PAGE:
She pointed out that there it is nothing weird about this and there is no difference in me feeding my baby with my breast than you feeding yourself with a spoon.
Despite breastfeeding being a completely natural process as old as mankind itself, moms everywhere often find themselves being shamed for feeding their babies in public.
A few years ago, one of them, a badass mama named Ashley Kaidel, decided that she’d had enough. Faced with looks of disgust from a stranger while breastfeeding her baby in a restaurant, Kaidel took a stand for moms across the world and refused to cover up.
A Facebook post describing the incident and explaining why she chose to make the powerful statement has gone astronomically viral across social media over the past six years.
“Earlier today I posted this picture of my son and I breastfeeding uncovered in a public restaurant. In the picture, it appears I’m staring off into the distance,” Kaidel wrote. “In reality, I’m staring into the eyes of a woman staring at me. She is looking at me with disgust and shaking her head with judgment in an attempt to shame me and indirectly tell me without words that I am wrong and need to cover myself. Let me make my reasoning clear on why I post pictures of my son and I publicly breastfeeding uncovered.”
“I don’t mean to say ‘Everyone should breastfeed without a cover. Show the world your boobs!’ If a mother is more comfortable covering herself because SHE feels better doing so, then I totally support that,” she explained. “With that being said, the reason I post these types [of] pictures is for the mother that tried breastfeeding uncovered once and she got shamed, she got stared and pointed at, she got nasty comments, she got asked to leave the room, she got asked to cover up. Number one, breastfeeding mothers are protected under law to breastfeed any way, anyhow, and anywhere they’re allowed to be in all circumstances otherwise.”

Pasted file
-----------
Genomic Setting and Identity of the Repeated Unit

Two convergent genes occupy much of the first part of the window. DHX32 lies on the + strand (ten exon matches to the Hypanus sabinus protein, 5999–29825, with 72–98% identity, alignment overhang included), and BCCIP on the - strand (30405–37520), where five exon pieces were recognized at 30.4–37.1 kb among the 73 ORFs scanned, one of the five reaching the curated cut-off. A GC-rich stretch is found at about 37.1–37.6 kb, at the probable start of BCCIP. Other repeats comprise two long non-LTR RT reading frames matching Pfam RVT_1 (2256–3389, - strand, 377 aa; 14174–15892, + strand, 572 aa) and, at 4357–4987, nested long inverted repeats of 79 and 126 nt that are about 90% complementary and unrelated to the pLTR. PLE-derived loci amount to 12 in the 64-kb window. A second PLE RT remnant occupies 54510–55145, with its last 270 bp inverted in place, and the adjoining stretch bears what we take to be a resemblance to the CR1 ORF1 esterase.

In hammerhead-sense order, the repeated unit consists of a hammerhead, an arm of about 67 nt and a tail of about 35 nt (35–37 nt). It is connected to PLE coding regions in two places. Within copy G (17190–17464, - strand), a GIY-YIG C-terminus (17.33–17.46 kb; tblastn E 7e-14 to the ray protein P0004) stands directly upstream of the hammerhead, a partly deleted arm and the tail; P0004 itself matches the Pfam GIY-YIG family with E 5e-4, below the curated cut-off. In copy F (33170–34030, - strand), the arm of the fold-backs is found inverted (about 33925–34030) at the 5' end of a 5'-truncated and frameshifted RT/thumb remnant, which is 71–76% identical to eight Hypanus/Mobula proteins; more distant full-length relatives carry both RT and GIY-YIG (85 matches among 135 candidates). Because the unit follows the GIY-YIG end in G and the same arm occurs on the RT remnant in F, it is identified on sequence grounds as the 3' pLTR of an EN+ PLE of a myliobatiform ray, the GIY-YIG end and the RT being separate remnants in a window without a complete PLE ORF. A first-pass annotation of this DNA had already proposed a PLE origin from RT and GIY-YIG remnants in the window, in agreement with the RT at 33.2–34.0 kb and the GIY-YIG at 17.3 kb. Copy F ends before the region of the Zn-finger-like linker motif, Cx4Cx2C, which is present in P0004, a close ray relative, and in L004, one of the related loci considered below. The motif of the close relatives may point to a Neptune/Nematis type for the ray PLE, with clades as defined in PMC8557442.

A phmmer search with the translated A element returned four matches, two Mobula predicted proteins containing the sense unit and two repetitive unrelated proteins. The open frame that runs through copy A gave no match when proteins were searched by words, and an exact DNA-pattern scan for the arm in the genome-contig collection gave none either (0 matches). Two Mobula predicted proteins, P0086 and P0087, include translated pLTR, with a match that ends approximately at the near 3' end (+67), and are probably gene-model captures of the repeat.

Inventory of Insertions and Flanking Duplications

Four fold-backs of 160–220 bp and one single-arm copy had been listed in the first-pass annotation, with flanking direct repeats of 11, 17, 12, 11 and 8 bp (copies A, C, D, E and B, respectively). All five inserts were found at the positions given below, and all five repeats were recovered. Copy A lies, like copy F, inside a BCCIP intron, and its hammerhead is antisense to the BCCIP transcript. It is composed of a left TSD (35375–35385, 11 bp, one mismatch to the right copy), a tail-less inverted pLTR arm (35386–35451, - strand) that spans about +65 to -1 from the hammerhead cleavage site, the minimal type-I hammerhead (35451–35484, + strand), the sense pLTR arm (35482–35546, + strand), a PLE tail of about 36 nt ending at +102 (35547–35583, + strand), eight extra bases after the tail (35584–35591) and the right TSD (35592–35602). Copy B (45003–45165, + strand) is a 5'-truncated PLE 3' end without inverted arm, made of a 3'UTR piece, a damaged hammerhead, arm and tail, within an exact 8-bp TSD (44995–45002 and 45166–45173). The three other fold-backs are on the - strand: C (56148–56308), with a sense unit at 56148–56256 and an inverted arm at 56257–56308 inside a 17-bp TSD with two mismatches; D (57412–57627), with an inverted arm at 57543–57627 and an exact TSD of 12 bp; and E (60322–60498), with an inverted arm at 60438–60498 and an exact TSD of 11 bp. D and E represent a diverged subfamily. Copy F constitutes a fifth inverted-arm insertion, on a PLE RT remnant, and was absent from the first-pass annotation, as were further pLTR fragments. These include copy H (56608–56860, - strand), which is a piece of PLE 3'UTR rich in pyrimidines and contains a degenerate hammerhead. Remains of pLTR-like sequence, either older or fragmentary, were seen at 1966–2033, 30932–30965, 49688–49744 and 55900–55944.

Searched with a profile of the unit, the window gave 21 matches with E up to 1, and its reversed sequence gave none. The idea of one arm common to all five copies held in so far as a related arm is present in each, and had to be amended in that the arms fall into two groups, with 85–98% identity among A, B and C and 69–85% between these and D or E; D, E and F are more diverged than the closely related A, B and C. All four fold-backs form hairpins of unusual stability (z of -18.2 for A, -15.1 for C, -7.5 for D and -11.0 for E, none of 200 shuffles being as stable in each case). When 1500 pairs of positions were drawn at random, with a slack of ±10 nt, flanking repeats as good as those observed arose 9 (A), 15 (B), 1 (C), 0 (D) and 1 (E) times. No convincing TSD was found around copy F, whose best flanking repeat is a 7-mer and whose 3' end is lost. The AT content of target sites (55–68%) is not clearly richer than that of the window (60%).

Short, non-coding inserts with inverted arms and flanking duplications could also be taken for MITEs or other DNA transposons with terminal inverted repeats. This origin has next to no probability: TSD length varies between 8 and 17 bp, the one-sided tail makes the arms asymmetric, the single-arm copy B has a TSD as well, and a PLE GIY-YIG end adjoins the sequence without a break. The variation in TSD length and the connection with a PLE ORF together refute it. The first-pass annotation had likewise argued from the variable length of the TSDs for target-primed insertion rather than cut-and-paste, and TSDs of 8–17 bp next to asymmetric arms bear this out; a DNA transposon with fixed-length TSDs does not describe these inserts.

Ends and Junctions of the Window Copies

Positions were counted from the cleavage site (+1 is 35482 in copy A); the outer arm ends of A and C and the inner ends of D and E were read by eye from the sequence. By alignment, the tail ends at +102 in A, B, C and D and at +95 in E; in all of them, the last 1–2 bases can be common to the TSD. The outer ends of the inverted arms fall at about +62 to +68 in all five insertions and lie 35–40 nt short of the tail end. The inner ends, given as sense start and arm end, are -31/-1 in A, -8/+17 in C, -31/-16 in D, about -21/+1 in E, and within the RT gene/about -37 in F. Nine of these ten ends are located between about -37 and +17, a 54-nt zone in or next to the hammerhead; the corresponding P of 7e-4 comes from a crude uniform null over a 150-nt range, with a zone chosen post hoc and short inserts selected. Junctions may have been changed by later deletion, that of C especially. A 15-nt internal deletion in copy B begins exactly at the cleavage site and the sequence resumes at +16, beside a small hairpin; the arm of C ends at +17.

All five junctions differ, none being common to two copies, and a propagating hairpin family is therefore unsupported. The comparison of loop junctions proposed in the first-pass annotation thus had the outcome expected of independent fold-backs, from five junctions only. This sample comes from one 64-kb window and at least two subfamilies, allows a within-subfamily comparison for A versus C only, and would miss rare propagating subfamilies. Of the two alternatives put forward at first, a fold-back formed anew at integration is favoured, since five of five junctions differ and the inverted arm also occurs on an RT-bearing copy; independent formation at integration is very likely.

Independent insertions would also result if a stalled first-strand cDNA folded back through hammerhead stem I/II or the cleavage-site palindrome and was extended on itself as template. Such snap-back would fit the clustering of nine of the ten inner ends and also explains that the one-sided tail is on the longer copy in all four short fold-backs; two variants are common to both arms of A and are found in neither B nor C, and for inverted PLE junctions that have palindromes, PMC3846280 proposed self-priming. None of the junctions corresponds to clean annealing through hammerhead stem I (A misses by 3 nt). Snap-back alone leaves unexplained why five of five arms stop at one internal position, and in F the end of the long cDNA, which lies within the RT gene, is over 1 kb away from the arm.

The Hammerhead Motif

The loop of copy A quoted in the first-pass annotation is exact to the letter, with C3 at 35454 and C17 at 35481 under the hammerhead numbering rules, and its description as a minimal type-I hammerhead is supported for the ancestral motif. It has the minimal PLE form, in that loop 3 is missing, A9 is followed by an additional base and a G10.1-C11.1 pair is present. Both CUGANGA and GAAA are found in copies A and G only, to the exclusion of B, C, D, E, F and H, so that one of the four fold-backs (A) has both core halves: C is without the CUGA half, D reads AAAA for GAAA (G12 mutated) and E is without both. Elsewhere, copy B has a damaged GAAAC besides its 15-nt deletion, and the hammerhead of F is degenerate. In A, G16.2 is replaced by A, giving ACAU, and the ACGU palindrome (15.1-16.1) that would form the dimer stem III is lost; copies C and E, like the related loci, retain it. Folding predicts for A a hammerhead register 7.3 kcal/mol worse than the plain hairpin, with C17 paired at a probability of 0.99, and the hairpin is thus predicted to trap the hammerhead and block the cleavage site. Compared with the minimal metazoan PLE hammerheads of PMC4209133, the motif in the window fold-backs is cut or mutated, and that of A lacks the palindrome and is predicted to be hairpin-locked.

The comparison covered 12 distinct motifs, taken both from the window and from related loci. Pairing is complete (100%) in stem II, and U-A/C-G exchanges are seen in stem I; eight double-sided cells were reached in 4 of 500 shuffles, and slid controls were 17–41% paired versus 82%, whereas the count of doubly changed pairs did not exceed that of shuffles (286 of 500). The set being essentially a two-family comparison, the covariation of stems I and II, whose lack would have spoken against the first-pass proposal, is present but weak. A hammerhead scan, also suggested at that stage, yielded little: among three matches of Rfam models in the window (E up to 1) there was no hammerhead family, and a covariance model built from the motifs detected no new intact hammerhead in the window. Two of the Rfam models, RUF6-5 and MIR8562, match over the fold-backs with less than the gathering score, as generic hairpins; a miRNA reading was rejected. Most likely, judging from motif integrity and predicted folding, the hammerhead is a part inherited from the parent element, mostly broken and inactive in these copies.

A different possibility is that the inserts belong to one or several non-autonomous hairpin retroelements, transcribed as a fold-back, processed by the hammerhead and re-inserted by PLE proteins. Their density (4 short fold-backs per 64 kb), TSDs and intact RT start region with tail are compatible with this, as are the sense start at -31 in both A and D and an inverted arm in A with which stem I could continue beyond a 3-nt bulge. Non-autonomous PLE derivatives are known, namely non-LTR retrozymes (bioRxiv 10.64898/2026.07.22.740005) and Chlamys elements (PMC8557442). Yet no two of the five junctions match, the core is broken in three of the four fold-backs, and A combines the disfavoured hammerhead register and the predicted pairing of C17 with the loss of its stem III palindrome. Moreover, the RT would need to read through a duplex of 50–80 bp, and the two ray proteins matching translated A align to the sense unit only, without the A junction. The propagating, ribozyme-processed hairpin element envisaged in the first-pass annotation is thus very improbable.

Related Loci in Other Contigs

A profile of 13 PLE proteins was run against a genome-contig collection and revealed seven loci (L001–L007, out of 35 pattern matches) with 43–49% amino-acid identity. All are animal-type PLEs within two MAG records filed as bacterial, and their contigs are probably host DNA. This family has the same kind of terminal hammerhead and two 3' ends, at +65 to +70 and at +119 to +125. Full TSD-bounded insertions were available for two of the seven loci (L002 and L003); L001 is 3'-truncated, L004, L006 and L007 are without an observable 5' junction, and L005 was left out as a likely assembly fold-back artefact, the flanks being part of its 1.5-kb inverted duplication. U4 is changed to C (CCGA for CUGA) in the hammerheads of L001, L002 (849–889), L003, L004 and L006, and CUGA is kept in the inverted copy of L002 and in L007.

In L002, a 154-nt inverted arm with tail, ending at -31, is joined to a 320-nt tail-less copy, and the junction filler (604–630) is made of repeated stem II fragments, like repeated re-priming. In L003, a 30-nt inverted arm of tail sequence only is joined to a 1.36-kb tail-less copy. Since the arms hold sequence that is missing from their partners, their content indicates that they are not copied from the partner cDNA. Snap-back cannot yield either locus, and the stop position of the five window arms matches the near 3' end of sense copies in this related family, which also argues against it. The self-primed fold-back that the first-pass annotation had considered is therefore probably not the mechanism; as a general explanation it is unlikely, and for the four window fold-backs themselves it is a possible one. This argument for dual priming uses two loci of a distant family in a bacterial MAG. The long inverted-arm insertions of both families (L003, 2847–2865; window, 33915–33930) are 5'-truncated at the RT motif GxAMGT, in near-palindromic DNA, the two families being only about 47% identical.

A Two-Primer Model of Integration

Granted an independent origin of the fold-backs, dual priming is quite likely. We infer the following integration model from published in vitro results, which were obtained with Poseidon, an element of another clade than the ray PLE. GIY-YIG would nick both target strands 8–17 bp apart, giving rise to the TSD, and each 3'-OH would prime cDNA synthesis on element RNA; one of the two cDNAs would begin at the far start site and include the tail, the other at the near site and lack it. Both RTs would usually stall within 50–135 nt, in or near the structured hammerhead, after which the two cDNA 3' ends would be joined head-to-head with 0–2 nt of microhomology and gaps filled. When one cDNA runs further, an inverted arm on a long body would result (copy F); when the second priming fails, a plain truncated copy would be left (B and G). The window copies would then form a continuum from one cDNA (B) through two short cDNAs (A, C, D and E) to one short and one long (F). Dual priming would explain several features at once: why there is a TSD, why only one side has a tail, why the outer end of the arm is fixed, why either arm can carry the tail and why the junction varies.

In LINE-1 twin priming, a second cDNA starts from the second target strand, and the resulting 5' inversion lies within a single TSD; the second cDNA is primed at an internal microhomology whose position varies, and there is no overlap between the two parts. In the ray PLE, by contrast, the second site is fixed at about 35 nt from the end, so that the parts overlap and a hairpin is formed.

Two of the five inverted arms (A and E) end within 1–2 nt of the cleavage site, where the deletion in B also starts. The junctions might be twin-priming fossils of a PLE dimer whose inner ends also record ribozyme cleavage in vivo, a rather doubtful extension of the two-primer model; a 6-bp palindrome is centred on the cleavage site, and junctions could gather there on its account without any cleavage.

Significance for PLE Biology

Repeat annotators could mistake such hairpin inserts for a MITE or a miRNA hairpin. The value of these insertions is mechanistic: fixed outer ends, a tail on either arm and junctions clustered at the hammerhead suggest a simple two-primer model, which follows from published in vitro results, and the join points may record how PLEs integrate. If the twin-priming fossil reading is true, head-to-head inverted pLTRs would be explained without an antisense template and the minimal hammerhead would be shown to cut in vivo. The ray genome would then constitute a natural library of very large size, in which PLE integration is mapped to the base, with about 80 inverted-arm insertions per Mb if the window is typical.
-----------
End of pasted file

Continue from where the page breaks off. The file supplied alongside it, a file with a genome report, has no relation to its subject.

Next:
“Number two, you should not ever feel shamed, belittled, embarrassed or wrong for feeding your baby the way nature intended,” Kaidel continued.
“I do this for the person that has the mentality ‘Boobs are to be covered. They’re for your husbands’ eyes only. They’re intimate. It’s a personal/private thing to feed your baby. Cover up out of respect. My kids don’t need to see that. Walk out of the room,’ and any other derogatory, close-minded comments and sentiments alike. Again, breasts were made to sustain your baby’s life before they were made to bring pleasure to any other man, woman, partner, or spouse. Their sole purpose is to make food and dispense it straight into a baby’s mouth.”
She added that there “is nothing weird about this and there’s no difference in me feeding my baby with my breast than you feeding yourself with a spoon.” Kaidel went on to point out how unfair it is to ask breastfeeding moms to hide themselves away from the public eye. “It is exponentially unfair and selfish to ask a mother and baby to exclude themselves from a table or event or gathering because you’re for some reason uncomfortable with how she feeds her child,” she wrote.
“No person should be isolated and shunned because they’re eating, especially when you yourself are eating while ridiculing how someone else is eating. Is it not certainly easier to avert your eyes from a displeasing sight rather than suggest or demand a mother and child remove themselves from your presence? How pompous and selfish is this? Just look away. It’s simple to do so. No harm done at all.”
“Lastly, your children need to see breastfeeding for the same reason you do. They need to acknowledge, comprehend and appreciate that breast milk and breastfeeding is and should forever be the first and best choice for both mom and baby. Formula and bottles are a trend. Breastfeeding is not.
Your 11-year-old daughter watching me nurse may say ‘Mom, why is that baby sucking her boobie?’ But as a parent and human being that understands, respects, and appreciates anatomy and mothers, your reply should only and always be ‘because that’s the way babies eat.’ Hopefully, it encourages your daughter to grow up with the goal to breastfeed and experience the incredible bond and invaluable benefits it comes with,” Kaidel continued.
Concluding her post—which has been shared more than 120,000 times since being posted—the “badass breastfeeding (uncovered) mama” wrote: “So again, I don’t post this for attention.
I don’t post this because I think everyone should nurse uncovered. I post this to give mamas encouragement. And to encourage others to make breastfeeding mothers feel accepted and supported; not alienated, ridiculed, and judged.”